Surprises are what keep the spark alive in a relationship. They don’t always have to be big or elaborate, but just something special that says, “Look, I was thinking about you even when I wasn’t with you.” It is definitely an easier time surprising the player when they first pick up your game, by showing them something new. But as they progress further, the harder it becomes to surprise them. It doesn’t help that many games front load all their surprises for fear that the player won’t hang around long enough to get to the big one. But if you pace your surprises out, saving a big surprise for last means you’ve left the player enamored with your game. That is the game they will talk about to their friends with glowing affection. Bioshock is a perfect example of this with its narrative twist towards the end. It reinvested players and got them talking when they thought they had the whole game figured out.

Surprises are also why people love multiplayer games. They get to continually learn something new about the game, as if it exists even when the player isn’t around. They get to take the information they learned about the game from their personal time, and adapt that into an environment where the game has other friends. But to rely solely on the multiplayer aspect isn’t enough anymore when everyone seems to have that.

Unique win conditions or rule sets can be used to spice up the relationship. This is something Halo does well, introducing new or different modes on a regular basis. Player generated maps are also another method, tho they can often just as easily break the voice of the game as much as strengthen it. This means the good conversation you have spent all that time building can be betrayed by a gluttony of point grab maps or levels shaped like penis monsters. Little Big Planet walks this fine line by attempting to moderate the content, but adding in player voting means the voice can again come across as schizophrenic. Downloadable Content is the other method games often employ to surprise the player. Tho DLC is a minefield of player betrayal, so much like a committed life partner, you don’t want to patronize the player with a half hearted “gifts” that you bought more for yourself then them. Team Fortress 2 and Burnout Paradise are perfect examples of surprising the player and extending their relationship through timely and thoughtful gifts, which in turn fosters the player to return the favor through purchasing something else as a gift to the game.

Find moments during development that you can surprise yourself and your team. Often times making those surprises come to life is a challenge, but that is how you know you have come across a surprise that the player is going to love.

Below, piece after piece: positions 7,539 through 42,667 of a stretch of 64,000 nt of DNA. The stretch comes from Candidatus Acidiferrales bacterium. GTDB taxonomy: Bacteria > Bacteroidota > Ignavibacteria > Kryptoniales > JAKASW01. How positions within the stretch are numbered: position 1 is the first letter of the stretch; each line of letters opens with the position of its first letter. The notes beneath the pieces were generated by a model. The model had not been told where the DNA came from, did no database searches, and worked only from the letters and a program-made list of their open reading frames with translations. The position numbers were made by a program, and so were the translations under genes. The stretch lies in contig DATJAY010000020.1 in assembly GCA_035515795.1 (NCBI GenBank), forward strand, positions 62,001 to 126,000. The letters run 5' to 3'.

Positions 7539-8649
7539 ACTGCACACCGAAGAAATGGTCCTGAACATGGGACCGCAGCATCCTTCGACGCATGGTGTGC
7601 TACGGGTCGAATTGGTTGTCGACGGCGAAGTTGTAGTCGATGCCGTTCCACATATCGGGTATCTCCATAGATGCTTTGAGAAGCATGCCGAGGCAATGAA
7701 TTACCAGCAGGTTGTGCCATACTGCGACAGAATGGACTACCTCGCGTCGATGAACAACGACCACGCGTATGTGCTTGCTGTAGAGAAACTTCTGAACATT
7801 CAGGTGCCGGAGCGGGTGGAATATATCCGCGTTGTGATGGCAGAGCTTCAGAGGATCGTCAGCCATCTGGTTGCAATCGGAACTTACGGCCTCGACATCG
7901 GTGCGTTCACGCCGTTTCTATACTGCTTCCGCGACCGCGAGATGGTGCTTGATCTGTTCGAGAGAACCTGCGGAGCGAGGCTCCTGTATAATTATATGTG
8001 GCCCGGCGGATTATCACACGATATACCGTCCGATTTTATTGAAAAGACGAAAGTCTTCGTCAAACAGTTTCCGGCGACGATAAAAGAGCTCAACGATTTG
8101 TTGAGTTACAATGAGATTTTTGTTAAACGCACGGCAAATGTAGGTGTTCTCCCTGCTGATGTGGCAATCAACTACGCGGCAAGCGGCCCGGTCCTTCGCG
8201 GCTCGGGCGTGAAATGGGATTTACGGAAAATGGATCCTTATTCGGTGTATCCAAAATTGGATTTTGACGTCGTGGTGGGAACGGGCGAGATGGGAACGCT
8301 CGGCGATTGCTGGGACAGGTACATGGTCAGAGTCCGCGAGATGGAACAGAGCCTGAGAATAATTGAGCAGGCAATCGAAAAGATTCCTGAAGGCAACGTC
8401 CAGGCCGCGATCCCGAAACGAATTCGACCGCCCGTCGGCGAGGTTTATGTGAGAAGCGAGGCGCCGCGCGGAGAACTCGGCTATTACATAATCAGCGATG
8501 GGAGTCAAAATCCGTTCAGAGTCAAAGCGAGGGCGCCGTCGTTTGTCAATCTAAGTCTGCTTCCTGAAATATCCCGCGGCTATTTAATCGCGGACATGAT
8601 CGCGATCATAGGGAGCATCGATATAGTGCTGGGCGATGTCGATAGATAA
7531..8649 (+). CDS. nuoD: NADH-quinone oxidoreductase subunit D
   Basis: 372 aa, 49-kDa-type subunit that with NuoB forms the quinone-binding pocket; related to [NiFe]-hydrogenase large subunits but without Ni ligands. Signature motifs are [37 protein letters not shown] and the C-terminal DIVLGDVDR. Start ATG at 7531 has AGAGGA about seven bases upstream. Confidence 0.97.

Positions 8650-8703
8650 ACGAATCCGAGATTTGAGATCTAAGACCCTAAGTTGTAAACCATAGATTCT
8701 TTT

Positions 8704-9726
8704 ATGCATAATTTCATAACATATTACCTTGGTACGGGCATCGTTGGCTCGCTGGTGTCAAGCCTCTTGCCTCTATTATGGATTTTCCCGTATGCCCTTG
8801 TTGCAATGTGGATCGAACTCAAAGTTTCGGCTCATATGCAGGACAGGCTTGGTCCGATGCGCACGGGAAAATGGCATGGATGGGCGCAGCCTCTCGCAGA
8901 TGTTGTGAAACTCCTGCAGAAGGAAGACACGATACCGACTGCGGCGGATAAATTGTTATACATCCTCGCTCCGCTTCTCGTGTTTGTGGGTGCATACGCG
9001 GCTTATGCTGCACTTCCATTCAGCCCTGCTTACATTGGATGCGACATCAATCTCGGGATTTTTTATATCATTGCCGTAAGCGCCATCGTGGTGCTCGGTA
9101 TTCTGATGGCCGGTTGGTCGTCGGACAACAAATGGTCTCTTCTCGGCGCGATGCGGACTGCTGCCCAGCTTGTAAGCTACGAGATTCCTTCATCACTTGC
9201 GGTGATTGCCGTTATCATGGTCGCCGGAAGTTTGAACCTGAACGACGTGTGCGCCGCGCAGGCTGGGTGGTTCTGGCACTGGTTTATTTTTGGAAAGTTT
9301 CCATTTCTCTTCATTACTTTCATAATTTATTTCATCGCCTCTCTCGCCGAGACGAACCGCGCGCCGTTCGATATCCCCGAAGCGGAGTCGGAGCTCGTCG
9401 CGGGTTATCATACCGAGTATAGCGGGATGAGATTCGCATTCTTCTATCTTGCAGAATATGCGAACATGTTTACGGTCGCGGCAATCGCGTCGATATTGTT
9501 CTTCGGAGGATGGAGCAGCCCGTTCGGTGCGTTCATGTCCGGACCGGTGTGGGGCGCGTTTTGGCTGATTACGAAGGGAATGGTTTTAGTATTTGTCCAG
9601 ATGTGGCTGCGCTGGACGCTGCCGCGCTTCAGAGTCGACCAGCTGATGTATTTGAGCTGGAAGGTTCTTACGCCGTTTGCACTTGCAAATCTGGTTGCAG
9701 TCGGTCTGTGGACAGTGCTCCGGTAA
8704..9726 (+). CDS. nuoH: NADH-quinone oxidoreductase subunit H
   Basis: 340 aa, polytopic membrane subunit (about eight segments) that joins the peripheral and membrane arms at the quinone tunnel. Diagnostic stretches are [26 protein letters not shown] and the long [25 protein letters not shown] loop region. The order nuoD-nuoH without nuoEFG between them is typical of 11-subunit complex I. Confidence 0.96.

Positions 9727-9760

But what all relationships boil down to is trust. Players need to trust our games, and our games need to trust the player.

Often times when working on a game we hear, “What happens if the player tries to break this?” Essentially, we are asking what happens if they betray the game. But simultaneously, our answers are “Betray them back.” We tightly script the sequence so that they can’t break it, or water down the experience so much that the player doesn’t even care to try and betray it. But betrayal is going to happen and designing your game around the idea of not letting the player betray the game is like keeping a wall around your emotions. You have to put yourself out there if you want to love, and your game needs to do the same thing. Yes, you can get burned, but you need to trust that the player won’t want to betray you. Instead of trying to plan on how they will betray you, set up a system than let’s your game react to the betrayal. Let your game become sad, angry, reclusive or supportive to the player’s actions, giving the player the option to respond compassionately or continue with the betrayal.

An interesting example of dealing with this is Furby. Listening to an episode of Radio Lab they touched upon what happens when you turn a Furby upside down, and why that moment can stick with people. When you turn one upside down, it says “I’m Scared” or “Put Me Down.” And at that moment, it feels alive. Beyond the cold, plastic eyes and clicking mechanisms inside, we are able to project an emotion into this toy.

Furby has three control points in its design:

  • Show emotion
  • React to the environment
  • Change over time

Those are three elements that drive what games are about, and perfect for building not only a conversation and sense of trust in the player, but genuine reactions for when the game is betrayed. Instead of controlling, the game is responding to the freedom it gives the player. And that is what trust is all about.

Will You Go With Me?

Building and maintaining relationships is something we do everyday, and it is something everyone strives to become more adept at. Building our games to match that human need can create experiences far more rewarding for both the player and us as developers when we finally release it into the world. Think about the relationships that have meant the most to you, both good and bad, and find ways to inject the timeline and lessons learned into your creation. You will find that many more people will be checking the YES block when your game asks them to go out.